Tackling Climate Change
In addition to increased erosion and infestation by pests, coffee farmers are reporting shifts in rainfall and harvest patterns that are hurting their communities and shrinking the available usable land in coffee regions around the world.
Addressing climate change is a big priority for Starbucks. We believe now is the time to increase our investments in solutions and strategies that address this crisis. The steps we're taking not only address our environmental footprint – they help to ensure the supply of high-quality coffee that our customers expect from us into the future.
We’re committed to supporting programs that facilitate farmers’ access to carbon markets, allowing them to generate additional income while helping to prevent deforestation.
What We've Been Doing
Starbucks has been implementing a climate change strategy since 2004, focusing on renewable energy, energy conservation and collaboration and advocacy. We're working to significantly shrink our environmental footprint by conserving energy and water, reducing the waste associated with our cups, increasing recycling and incorporating green design into our stores. We're also committed to championing progressive climate change policy in partnership with other businesses and organisations.
Starbucks & CI’s Coffee Carbon Projects
We are concerned about the potential impacts of climate change on coffee-growing regions. To help address this issue, we’ve partnered with Conservation International to conduct pilots to improve coffee production, conserve and restore natural habitat, and explore opportunities to facilitate farmer access to forest carbon markets.
Last year we engaged 29 coffee-growing communities in Sumatra, Indonesia, and Chiapas, Mexico – regions with distinctly sensitive environments and differing coffee-growing traditions – in the pilot programs. We’re now working to engage at least 20 additional communities in these areas.
Through our expanded relationship with Conservation International, we’re piloting forest conservation incentive programs that link coffee farmers to carbon markets. Under this model, we’re working with farmers to carry out actions that reduce carbon emissions.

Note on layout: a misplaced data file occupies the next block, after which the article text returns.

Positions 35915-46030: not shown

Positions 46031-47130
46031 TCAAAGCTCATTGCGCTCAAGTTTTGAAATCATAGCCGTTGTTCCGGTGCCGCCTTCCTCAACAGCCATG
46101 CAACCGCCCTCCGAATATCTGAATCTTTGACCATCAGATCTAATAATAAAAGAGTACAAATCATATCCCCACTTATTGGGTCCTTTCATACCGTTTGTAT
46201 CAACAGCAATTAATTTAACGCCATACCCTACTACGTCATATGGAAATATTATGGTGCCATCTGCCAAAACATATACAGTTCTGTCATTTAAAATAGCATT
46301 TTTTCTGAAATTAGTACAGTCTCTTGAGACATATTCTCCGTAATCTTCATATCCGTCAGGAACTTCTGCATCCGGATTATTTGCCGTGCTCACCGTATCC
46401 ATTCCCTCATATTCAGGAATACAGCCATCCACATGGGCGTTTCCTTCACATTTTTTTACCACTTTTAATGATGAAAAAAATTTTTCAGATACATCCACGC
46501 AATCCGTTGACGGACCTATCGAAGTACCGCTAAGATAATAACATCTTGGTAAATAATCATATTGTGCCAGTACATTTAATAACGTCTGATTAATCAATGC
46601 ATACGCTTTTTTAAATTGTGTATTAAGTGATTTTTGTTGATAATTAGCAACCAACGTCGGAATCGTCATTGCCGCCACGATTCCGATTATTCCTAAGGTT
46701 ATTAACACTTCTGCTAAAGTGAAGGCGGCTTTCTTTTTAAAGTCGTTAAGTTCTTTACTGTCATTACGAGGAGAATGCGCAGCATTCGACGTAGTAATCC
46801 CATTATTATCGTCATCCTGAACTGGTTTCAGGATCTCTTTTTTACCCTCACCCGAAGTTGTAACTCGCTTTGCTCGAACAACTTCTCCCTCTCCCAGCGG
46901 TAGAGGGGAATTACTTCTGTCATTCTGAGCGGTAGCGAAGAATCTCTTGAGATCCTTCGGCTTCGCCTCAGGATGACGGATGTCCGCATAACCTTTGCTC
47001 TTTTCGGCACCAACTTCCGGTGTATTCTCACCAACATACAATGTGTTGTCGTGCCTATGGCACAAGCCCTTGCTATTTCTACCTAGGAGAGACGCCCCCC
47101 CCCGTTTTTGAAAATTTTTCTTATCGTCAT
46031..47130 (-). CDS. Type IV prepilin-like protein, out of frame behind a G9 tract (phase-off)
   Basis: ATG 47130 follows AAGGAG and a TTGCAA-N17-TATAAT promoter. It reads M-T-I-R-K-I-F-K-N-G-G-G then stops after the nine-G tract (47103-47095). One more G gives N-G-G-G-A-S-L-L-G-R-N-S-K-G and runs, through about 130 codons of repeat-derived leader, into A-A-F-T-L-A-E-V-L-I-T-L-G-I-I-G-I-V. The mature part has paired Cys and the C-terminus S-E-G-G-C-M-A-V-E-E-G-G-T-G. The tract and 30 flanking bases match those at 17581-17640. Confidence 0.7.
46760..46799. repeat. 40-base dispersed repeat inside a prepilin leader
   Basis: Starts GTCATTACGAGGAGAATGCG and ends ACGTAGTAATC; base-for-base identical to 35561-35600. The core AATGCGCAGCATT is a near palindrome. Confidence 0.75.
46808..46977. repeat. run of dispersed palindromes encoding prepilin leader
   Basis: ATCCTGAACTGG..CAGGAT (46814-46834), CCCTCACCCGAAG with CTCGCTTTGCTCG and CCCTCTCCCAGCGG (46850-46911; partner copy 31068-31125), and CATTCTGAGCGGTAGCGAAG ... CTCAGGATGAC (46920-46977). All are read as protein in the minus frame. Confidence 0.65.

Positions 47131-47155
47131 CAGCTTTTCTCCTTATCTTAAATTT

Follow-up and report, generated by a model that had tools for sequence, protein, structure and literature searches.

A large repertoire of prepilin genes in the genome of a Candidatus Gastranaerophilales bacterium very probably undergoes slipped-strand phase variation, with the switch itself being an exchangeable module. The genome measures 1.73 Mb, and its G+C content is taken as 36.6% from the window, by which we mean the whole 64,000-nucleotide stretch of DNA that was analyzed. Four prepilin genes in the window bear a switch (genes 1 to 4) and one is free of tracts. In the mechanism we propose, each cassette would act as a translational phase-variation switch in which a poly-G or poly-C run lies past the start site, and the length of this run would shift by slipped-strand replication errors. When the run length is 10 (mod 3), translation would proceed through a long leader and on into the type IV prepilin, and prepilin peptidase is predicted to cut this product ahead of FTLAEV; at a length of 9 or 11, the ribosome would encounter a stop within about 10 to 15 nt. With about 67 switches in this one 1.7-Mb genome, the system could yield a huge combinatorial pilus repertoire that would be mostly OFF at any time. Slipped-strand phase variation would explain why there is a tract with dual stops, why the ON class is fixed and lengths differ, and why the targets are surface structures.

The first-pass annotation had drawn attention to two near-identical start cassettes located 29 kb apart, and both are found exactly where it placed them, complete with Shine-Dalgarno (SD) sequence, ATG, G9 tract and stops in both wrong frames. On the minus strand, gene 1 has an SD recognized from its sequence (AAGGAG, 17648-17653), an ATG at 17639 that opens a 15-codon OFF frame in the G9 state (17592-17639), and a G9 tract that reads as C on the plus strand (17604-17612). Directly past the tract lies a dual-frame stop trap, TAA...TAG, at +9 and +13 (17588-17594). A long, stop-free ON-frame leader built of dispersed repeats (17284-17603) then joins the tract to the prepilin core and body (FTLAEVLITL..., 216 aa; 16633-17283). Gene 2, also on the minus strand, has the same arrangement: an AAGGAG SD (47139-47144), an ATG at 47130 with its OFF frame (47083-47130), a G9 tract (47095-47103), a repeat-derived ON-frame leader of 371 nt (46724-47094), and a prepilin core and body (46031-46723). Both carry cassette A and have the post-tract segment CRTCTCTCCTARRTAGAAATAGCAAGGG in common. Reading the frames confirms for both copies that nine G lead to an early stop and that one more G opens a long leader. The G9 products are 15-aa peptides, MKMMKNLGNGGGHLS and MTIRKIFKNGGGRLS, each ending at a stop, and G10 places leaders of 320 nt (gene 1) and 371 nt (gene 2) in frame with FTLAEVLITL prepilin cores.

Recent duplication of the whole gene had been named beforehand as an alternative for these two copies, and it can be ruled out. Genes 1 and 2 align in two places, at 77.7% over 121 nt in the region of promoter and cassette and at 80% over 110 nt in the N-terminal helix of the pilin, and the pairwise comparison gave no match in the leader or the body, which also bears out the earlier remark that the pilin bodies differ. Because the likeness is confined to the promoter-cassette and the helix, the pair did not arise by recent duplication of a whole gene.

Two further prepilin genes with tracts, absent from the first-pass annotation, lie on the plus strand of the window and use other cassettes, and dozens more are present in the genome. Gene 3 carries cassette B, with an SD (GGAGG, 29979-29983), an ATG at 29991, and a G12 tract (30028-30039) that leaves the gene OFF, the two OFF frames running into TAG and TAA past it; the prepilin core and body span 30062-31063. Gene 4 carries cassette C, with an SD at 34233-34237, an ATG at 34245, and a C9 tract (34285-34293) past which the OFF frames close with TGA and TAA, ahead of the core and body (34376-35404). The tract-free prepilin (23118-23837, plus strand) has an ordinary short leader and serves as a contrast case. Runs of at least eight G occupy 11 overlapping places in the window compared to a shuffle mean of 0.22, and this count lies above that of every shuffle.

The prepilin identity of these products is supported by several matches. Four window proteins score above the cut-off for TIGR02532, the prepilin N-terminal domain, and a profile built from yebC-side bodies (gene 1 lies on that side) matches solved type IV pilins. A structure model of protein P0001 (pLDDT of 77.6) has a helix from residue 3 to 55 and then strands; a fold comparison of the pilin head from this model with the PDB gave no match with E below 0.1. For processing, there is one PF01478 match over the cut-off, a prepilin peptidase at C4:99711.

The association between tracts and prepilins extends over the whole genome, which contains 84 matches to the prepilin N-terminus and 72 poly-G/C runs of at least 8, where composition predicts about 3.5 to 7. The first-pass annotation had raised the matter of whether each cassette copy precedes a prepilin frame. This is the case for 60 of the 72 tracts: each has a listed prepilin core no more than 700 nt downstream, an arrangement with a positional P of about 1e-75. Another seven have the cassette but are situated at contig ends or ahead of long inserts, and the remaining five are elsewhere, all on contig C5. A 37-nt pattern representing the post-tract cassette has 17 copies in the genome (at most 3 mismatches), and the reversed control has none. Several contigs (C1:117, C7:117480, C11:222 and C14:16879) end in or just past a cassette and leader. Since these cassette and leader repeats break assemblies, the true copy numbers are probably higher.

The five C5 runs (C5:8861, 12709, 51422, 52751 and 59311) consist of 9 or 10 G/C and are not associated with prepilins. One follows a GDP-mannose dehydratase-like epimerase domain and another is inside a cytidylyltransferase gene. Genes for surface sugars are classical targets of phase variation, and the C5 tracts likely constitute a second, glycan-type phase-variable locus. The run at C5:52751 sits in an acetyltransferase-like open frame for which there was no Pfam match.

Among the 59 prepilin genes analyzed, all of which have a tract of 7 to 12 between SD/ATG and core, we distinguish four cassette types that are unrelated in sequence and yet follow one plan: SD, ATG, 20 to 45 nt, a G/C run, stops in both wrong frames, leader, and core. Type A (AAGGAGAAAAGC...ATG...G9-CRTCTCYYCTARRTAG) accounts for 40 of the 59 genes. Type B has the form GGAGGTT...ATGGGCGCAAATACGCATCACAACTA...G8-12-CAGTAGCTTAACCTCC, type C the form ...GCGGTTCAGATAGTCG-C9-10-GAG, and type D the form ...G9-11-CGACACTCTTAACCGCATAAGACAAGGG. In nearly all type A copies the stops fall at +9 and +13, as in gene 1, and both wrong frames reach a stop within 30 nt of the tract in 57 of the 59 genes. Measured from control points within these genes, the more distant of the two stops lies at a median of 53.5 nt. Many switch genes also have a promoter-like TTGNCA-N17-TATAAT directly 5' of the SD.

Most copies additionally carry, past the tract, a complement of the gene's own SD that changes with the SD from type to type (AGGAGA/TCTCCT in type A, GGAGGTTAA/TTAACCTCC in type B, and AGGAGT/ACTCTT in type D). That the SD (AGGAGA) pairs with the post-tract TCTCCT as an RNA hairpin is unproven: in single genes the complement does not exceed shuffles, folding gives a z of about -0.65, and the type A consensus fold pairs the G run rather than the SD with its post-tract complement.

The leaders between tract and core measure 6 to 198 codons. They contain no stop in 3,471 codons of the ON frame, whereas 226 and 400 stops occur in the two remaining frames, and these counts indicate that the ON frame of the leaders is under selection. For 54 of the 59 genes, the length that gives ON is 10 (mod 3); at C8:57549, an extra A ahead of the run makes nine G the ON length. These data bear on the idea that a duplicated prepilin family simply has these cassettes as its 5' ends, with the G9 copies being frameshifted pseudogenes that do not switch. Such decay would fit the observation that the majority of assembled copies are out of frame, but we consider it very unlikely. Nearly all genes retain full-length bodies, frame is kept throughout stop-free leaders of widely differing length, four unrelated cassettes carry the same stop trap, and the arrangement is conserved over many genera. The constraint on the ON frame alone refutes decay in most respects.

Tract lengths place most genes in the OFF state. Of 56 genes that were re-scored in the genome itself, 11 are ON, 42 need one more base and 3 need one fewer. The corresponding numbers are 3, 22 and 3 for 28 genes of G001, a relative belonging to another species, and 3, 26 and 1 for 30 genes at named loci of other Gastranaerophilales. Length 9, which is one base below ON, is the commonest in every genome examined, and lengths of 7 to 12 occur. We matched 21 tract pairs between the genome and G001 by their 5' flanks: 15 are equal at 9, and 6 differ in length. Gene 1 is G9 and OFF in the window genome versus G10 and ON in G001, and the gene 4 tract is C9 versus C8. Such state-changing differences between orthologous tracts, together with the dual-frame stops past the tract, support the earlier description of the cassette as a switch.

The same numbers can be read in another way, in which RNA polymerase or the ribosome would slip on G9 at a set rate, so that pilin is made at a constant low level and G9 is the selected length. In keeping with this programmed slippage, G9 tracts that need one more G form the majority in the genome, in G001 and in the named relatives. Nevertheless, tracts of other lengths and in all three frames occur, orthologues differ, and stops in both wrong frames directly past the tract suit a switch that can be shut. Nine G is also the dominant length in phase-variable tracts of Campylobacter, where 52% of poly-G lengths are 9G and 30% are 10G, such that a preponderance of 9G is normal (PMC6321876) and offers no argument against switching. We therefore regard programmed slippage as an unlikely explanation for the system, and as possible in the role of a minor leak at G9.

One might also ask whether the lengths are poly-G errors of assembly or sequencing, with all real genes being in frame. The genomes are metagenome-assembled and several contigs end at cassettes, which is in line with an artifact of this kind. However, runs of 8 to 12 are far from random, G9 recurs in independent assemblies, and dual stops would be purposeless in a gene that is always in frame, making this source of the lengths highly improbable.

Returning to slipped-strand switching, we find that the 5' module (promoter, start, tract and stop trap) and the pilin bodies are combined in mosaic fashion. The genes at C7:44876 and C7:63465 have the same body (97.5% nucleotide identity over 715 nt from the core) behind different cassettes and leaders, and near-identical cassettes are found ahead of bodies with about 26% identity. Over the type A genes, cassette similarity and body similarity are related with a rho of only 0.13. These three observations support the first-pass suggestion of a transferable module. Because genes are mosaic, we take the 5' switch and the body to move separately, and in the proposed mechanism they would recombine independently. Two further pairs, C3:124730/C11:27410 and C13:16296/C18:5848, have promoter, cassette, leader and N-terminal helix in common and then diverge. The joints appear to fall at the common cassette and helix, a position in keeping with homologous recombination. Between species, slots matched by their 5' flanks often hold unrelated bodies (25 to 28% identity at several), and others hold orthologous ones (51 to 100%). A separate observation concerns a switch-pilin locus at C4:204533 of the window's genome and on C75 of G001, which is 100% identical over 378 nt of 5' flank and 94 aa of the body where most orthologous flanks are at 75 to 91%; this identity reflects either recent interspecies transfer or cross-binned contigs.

Greenhouse Gas Emissions
To continue to track and quantify our own environmental footprint, we conducted an inventory of our greenhouse gas (GHG) emissions in 2011. Using the World Resources Institute/WBCSD Greenhouse Gas Protocol, we evaluated the major emissions from our global retail stores and roasting operations. Because more than 80 percent of our GHG emissions are attributable to energy for use in our stores, offices, and roasting plants, we are focusing our efforts on energy conservation and the purchase of renewable energy.
Starbucks used the WRI/WBCSD GHG Protocol Corporate Standard to assess our fiscal 2010 greenhouse gas emissions. The 2011 inventory found our Scope 1 and Scope 2 emissions were 979,963 metric tons of carbon dioxide. According to the Protocol, Scope 1 includes direct GHG emissions from sources that are owned or controlled by the company. For Starbucks these include coffee roasting plants, store operations, and company-owned vehicles and aircraft. Scope 2 includes indirect GHG emissions from the generation of purchased electricity consumed by the company. The great news is that, compared to our 2010 GHG footprint of 1,006,954 mtons*, we succeeded in reducing our GHG emissions by 2.7% on an absolute basis. This reflects the success of our energy efficiency program.